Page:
With the seventh pick in the third round Sunday, the Chicago Bears selected a receiver, Earl Bennett, out of Vanderbilt. The selection is significant because that slot belonged to the 49ers before Commissioner Roger Goodell made San Francisco swap third rounders with the Bears because of the Lance Briggs tampering flap. Bennett was the SEC’s all-time leader in receptions and was believed to be one of the best possession receivers in the draft. Would the 49ers have taken him if they still had their old draft spot?
“No,” said GM Scot McCloughan. “But he’s a good player. He will end up being a good football player.”
You gotta believe McCloughan. The Bears desperately needed a receiver after losing Bernard Berrian and Mushin Muhammad in the offseason. The 49ers, meanwhile, passed on several other Bennett-like receivers throughout the draft. The only ones they really appeared to contemplate were the big, physical receivers like Texas’ Limas Sweed and eventually Virginia Tech’s Josh Morgan, whom they selected in the sixth round.
The 49ers likely would have passed on most of the other players that were selected between their former third-round pick, No. 70 overall, and the one they got from the Bears, No. 75. They never thought that Chris Ellis, taken at pick No. 72, had the necessary athleticism to play outside linebacker. Jamaal Charles went at No. 73 and the 49ers would not have taken a running back. The 49ers never seemed all that interested in linebacker Dan Connor, who went at No. 74.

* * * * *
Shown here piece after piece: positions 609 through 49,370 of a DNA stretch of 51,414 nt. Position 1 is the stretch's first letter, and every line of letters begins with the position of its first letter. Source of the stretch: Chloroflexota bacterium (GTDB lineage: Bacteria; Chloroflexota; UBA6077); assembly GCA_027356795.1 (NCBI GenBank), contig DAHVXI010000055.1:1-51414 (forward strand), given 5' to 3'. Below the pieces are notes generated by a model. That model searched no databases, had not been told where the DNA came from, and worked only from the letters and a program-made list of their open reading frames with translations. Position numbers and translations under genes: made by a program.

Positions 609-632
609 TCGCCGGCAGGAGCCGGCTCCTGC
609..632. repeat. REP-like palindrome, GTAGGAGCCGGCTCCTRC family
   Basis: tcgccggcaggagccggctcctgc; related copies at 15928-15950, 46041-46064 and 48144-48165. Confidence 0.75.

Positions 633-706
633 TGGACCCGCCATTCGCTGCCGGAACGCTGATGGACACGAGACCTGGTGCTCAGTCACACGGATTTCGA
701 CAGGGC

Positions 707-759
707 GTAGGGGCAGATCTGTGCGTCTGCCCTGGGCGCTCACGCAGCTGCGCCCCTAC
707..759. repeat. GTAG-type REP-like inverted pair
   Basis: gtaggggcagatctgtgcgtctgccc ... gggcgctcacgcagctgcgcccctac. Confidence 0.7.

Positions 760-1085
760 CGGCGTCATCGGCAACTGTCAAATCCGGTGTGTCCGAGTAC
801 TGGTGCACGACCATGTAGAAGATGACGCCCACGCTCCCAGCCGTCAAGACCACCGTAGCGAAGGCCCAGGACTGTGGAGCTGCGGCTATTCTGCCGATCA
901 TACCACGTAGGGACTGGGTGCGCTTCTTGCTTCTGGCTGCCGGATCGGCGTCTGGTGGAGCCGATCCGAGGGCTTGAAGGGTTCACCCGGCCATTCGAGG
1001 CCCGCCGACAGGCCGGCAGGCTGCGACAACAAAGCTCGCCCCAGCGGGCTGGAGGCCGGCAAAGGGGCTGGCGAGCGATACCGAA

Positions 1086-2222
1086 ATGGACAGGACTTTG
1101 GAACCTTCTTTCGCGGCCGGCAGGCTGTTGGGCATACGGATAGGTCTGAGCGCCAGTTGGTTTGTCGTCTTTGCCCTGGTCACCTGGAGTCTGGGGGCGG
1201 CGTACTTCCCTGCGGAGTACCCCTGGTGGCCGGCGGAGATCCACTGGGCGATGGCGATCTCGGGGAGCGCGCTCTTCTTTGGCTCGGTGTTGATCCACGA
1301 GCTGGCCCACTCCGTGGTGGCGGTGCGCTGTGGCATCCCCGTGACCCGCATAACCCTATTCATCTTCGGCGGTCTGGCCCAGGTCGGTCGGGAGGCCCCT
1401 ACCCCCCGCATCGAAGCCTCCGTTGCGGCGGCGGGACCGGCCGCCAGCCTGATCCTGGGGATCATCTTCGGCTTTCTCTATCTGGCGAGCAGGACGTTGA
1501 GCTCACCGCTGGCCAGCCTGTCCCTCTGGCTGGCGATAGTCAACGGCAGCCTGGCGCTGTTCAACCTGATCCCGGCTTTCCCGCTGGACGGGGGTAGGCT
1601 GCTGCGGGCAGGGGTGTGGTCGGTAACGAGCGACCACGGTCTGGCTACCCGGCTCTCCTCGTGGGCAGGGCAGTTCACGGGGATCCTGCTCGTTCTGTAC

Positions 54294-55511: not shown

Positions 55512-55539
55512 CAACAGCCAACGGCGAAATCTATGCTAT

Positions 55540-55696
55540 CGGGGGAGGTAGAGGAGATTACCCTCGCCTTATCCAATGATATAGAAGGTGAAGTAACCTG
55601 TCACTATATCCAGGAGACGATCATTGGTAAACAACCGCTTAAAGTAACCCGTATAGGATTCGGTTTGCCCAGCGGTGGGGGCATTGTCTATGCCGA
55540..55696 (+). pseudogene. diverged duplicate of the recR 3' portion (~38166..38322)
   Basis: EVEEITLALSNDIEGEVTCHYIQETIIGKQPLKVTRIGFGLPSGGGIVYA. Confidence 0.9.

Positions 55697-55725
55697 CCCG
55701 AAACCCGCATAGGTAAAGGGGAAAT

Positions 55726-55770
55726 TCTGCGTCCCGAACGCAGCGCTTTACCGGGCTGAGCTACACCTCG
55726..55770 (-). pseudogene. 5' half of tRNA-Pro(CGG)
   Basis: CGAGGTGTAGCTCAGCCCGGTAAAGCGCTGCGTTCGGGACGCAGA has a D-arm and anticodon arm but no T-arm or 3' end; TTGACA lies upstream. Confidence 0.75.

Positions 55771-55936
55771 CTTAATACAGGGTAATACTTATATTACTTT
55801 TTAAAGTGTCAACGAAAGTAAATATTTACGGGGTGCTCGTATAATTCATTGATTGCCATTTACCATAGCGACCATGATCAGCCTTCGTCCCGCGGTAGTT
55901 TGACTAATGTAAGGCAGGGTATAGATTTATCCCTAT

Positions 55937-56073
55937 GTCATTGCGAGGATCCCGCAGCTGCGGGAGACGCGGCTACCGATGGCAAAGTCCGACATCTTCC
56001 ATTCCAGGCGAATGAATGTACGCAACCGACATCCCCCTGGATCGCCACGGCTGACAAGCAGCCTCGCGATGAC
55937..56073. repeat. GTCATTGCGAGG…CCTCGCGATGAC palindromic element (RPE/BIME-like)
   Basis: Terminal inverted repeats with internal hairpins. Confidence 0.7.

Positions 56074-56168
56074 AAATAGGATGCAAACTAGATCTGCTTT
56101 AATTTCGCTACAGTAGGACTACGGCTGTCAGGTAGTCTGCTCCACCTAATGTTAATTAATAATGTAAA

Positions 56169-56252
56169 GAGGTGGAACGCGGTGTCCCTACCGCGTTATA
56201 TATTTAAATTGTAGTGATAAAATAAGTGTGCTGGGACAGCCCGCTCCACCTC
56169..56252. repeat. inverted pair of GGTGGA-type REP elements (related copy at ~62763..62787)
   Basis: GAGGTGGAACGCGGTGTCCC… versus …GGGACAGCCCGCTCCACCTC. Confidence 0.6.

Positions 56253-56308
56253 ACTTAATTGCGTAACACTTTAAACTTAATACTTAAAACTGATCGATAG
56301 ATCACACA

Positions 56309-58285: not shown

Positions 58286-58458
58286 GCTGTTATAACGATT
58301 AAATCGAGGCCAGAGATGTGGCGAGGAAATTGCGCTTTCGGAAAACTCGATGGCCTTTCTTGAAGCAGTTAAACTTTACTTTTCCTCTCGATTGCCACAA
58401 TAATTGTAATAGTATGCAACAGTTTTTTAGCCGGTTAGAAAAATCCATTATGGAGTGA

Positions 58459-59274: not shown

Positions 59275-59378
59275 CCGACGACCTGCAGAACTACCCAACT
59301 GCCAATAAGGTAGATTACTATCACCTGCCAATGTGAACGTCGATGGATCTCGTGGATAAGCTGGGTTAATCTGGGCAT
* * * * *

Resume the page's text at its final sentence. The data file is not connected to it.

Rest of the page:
The one player who might have caught the 49ers’ eye would have been Miami linebacker Tavares Gooden, who was taken by the Ravens at pick No. 71. Gooden began his career at outside linebacker but really excelled when he moved inside. He finished with a career-high 119 tackles last season. Would he have been the 49ers’ new “ted” linebacker? We’ll never know. But given that he’s now wearing a Ravens uniform – wink, wink – there’s a good chance he’ll wind up playing for Mike Nolan at some point in his career. One might also say that a failed attempt to land one inside linebacker, Lance Briggs, cost the 49ers another inside linebacker in Gooden. Is that irony?
In the fifth round, meanwhile, again it was the Bears picking in the slot the 49ers had pre-tamperGate. They took Zackary Bowman, a defensive back out of Nebraska. The players who might have tempted the 49ers had they had a fifth rounder? How about QB Dennis Dixon or G Roy Schuening or LB Jonathan Goff? Or better yet, how about the guy who went third to last in the round, tackle Carl Nicks?! Oh, Carl, we hardly knew ya …
-- Matt Barrows